FBI raids home of former Cherryville police chief

FBI raids home of former Cherryville police chief

FBI raids home of former Cherryville police chief

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by ELIZABETH THOMAS / WCNC.com

WCNC.com

Posted on April 26, 2013 at 4:51 PM

Updated Thursday, Jan 2 at 5:57 PM

CHERRYVILLE, N.C. --  The home of Woody Burgess, former chief of police for the Cherryville Police Department, was raided by the FBI on Friday morning.

Woody Burgess resigned his position in late October of last year following allegations of corruption within the department.

The FBI raided Burgess' home Friday morning, but as of late Friday afternoon, there have been no charges filed or arrests made in connection with the raid.

Six people, half of whom were Cherryville police officers and one a Gaston County Sheriff's Deputy, were indicted on corruption charges in mid-October of 2012. The indictments alleged the four officers and the two other men helped transport thousands of dollars in stolen goods and cash across Gaston County.

Although Burgess was not named either of the two criminal indictments, the town of Cherryville suspended him with pay, along with Cherryville Police Captain Mike Allred.

Charged in the two federal indictments were Frankie Dellinger, 40, a Cherryville Police Department reserve officer, Wesley Clayton Golden, 39, a reserve deputy sheriff in Gaston County, Mark Ray Hoyle, 39, John Ashley Hendricks, 47, and two Cherryville patrol officers Casey Justin Crawford, 32, and David Paul Mauney, III, 23.

Officials alleged Dellinger, Golden and Hoyle worked with undercover law enforcement agents in August to provide protection for tractor-trailers hauling stolen items like televisions, cars and generators across Gaston County.  The men allegedly protected the items worth $158,000 as well as $400,000 in cash from the sale of the stolen goods.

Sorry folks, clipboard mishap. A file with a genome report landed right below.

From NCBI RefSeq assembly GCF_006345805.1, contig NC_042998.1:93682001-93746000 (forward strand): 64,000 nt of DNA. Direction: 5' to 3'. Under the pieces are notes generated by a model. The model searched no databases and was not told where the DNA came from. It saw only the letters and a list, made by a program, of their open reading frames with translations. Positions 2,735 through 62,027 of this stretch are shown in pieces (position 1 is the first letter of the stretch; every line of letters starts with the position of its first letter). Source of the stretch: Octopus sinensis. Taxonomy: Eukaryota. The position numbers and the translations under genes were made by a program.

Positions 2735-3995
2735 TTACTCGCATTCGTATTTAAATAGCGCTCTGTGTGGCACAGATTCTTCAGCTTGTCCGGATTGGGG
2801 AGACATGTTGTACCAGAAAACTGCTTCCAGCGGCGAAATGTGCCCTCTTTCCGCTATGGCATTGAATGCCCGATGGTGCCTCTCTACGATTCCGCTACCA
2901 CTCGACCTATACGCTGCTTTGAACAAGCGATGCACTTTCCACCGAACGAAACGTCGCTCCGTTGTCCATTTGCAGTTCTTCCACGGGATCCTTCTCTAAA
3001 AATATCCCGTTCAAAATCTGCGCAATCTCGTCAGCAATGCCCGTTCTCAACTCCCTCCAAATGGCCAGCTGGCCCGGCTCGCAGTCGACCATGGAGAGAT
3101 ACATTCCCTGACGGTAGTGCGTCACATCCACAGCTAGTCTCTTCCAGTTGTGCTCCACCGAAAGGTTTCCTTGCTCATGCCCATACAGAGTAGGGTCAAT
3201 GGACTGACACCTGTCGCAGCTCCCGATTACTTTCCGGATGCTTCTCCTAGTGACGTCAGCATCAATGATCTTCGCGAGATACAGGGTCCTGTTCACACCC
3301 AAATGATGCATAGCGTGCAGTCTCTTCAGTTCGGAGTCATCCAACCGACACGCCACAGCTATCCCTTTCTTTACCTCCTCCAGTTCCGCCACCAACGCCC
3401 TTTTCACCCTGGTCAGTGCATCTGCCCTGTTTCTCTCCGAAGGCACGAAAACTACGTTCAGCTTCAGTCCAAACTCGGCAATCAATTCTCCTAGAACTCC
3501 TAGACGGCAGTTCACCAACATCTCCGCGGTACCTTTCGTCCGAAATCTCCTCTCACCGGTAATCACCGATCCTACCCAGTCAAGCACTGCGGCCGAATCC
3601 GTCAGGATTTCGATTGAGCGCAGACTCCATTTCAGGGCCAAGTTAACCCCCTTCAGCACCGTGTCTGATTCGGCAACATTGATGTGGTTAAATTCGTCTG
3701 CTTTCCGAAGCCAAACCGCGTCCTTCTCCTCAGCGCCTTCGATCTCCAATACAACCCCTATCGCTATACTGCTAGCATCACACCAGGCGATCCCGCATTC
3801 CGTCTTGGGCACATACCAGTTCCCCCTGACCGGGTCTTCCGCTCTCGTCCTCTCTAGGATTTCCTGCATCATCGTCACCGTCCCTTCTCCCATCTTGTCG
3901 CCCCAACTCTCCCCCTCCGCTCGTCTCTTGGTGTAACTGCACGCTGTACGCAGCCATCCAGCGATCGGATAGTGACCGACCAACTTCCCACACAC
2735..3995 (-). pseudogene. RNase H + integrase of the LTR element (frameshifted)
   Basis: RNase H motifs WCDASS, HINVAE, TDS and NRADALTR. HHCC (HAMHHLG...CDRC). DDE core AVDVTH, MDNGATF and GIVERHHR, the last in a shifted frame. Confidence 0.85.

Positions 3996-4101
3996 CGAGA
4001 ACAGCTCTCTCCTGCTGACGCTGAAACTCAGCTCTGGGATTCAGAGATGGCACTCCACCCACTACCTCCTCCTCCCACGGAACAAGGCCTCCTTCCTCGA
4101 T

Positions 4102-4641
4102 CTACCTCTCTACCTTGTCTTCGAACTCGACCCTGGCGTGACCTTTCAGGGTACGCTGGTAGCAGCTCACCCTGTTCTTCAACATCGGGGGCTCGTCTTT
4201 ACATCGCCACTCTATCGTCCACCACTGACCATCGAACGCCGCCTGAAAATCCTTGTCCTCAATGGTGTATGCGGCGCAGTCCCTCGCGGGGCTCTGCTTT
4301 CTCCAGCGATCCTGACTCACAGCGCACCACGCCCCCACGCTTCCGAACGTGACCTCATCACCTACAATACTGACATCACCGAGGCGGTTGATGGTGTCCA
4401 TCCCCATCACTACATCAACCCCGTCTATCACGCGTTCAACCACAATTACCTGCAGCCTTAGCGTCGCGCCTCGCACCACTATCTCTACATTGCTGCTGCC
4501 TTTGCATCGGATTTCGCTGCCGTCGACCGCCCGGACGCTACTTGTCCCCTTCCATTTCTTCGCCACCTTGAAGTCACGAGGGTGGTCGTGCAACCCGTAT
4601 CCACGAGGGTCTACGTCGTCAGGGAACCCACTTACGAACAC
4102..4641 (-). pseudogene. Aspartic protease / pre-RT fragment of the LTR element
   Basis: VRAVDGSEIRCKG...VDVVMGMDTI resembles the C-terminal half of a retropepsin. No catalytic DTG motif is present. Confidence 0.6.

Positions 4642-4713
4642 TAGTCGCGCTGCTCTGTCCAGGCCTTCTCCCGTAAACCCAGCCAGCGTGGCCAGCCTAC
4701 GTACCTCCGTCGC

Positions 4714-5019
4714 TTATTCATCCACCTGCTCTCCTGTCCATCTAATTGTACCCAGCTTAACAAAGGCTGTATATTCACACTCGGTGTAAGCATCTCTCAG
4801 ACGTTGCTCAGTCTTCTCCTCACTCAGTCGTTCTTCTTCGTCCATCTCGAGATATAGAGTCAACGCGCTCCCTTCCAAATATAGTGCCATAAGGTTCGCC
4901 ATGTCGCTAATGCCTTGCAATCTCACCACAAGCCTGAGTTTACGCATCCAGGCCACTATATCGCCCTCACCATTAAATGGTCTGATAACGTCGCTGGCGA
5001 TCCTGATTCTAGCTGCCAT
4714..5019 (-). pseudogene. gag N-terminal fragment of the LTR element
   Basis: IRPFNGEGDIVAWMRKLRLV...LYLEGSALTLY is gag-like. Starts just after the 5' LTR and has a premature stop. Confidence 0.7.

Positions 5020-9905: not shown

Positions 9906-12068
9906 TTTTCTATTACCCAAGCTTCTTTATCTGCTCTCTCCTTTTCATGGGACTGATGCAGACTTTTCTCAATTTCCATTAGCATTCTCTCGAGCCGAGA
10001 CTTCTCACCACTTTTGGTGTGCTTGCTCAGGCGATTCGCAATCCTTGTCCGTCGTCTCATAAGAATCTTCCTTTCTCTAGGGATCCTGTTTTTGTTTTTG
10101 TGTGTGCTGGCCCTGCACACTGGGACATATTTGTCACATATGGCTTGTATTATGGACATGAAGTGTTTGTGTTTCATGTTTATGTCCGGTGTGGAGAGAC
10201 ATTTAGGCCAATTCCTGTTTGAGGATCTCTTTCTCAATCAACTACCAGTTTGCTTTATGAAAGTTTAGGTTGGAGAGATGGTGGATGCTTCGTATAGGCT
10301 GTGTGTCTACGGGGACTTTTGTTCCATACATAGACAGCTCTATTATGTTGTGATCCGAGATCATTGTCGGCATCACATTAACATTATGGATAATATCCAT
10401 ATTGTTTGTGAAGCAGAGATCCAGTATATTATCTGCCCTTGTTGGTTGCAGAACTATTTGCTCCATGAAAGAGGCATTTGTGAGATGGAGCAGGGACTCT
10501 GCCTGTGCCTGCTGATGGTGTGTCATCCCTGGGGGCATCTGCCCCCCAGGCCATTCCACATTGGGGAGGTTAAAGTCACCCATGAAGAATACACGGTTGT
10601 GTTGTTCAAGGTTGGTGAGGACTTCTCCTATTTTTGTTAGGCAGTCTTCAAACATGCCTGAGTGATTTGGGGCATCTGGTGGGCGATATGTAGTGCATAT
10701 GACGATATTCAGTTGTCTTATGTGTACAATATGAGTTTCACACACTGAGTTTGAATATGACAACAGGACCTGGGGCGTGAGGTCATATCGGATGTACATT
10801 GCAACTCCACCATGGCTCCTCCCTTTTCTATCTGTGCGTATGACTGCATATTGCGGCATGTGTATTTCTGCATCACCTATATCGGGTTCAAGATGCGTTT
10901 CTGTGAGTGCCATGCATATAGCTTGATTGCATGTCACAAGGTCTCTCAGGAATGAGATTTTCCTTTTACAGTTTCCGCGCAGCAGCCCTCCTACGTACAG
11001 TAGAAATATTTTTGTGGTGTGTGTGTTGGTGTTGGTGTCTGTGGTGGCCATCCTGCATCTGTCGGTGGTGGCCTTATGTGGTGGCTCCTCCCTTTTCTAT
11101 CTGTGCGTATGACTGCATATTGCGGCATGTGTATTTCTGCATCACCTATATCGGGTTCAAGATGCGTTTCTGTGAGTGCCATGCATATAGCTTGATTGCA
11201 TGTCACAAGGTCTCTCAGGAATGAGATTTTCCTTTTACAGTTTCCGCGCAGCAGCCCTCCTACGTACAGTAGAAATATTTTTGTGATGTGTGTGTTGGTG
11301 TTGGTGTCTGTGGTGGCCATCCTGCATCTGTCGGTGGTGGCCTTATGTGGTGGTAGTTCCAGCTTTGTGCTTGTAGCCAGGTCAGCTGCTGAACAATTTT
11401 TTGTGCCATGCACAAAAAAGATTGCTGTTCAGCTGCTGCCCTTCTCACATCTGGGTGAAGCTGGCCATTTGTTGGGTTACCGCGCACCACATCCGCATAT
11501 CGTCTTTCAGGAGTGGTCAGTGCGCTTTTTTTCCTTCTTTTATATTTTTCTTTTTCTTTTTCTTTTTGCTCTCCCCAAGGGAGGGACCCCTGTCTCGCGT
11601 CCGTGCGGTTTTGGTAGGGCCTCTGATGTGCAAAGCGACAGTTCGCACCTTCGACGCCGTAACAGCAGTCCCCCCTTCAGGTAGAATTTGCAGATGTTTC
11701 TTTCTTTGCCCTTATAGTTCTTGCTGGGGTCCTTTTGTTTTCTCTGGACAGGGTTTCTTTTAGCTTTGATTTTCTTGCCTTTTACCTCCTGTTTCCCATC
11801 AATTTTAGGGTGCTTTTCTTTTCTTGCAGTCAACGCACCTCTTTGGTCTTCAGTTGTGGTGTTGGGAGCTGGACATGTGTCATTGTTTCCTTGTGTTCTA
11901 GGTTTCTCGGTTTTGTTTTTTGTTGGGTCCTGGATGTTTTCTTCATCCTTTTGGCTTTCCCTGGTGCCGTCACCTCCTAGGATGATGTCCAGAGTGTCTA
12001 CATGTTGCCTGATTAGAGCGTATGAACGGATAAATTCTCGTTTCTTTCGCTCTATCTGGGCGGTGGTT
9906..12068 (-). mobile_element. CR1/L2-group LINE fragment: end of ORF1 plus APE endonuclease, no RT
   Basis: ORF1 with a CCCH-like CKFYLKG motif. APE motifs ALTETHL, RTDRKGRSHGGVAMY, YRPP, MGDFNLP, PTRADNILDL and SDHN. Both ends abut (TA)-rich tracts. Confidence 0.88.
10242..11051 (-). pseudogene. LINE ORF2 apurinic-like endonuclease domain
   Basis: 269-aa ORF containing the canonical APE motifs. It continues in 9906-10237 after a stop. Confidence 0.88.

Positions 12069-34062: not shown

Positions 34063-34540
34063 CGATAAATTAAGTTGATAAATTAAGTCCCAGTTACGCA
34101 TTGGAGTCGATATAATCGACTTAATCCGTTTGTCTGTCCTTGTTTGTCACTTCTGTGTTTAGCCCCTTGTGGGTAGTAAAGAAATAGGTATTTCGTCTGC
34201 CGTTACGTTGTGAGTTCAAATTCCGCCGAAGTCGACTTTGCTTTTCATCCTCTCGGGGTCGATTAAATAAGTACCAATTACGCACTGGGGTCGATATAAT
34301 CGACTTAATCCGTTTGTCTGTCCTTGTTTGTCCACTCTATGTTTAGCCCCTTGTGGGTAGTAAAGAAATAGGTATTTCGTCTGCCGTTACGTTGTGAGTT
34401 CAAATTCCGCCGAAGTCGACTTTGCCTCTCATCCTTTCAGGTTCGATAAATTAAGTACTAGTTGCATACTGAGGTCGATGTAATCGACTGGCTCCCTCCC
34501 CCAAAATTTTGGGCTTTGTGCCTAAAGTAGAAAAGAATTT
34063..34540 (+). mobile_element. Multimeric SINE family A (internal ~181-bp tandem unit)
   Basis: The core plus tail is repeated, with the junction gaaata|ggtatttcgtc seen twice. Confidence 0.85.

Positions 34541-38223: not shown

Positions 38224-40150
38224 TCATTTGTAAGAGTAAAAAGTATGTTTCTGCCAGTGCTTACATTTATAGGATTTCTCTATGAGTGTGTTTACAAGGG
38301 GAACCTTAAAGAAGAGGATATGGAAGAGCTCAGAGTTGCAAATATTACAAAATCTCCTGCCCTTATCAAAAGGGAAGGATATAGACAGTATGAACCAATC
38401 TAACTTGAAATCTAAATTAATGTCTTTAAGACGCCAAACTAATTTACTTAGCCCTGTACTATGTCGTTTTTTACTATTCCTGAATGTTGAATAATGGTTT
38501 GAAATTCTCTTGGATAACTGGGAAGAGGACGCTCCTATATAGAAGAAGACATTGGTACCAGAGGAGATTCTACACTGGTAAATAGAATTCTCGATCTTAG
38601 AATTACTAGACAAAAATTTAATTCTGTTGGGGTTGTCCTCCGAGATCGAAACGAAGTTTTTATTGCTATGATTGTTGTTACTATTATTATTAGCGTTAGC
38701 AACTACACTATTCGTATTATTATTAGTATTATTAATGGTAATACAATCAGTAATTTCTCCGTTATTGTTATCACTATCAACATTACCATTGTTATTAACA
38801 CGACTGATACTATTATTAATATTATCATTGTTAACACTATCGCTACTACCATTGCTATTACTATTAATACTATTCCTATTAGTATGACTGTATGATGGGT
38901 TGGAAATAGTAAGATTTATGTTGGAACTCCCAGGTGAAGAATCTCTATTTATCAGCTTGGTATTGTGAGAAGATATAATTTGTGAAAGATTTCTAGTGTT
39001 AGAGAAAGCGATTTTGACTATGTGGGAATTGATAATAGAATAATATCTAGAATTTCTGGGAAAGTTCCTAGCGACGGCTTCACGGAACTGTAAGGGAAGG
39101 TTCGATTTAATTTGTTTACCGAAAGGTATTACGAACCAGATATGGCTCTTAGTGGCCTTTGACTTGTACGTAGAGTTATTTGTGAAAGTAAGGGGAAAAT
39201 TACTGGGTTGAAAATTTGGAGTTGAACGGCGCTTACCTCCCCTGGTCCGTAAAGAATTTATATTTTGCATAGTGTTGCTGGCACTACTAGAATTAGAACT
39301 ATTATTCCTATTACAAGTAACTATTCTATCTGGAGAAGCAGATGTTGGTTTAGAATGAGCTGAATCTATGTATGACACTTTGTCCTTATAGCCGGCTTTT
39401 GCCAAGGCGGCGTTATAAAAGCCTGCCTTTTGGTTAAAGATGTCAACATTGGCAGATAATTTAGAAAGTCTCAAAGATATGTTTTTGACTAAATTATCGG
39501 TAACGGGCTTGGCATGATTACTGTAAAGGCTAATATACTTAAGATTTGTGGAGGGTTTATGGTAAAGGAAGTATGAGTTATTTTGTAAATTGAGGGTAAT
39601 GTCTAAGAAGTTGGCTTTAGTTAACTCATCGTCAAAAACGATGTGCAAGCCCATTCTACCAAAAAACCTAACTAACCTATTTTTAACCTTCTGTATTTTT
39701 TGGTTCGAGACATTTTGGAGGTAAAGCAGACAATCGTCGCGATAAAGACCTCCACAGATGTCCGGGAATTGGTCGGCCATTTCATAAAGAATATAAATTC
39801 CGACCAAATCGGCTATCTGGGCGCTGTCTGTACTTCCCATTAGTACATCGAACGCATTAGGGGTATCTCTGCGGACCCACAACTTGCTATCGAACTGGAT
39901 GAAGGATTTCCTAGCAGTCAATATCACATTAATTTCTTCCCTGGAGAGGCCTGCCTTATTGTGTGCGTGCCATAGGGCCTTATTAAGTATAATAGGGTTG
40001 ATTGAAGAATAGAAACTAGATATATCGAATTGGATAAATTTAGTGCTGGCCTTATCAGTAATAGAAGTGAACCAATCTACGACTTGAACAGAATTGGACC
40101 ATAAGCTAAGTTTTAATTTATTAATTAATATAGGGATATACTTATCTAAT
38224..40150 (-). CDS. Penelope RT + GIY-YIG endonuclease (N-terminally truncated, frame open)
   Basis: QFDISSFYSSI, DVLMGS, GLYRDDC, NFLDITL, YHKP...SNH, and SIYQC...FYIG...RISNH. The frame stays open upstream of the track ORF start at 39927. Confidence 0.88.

Dellinger, Golden and Hoyle were each charged with conspiracy to transport and/or receive stolen property, four counts each of transportation of stolen property, one count of conspiracy to extort under color of official right, one count of money laundering conspiracy, four counts of money laundering and aiding and abetting, and three counts of possession of a firearm in relation to a crime of violence. Dellinger faces one additional count of extortion under color of official right.

The second indictment alleges Crawford, Mauney, III and Hendricks provided protection for truckloads of stolen items like TVs and chain saws worth more than $300,000, the second indictment claims.  Cash in the trucks totaled more than $300,000 as well.

Crawford, Mauney III and Hendricks were each charged with one count of conspiracy to transport and/or receive stolen property and one count of conspiracy to extort under color of official right. Crawford is also charged with one count of program fraud bribery in connection with his role in the conspiracy.

Both the town clerk and finance director left their jobs in December 2011 after an internal audit showed a misuse of city credit cards, according to The Charlotte Observer.  That money was reportedly repaid.

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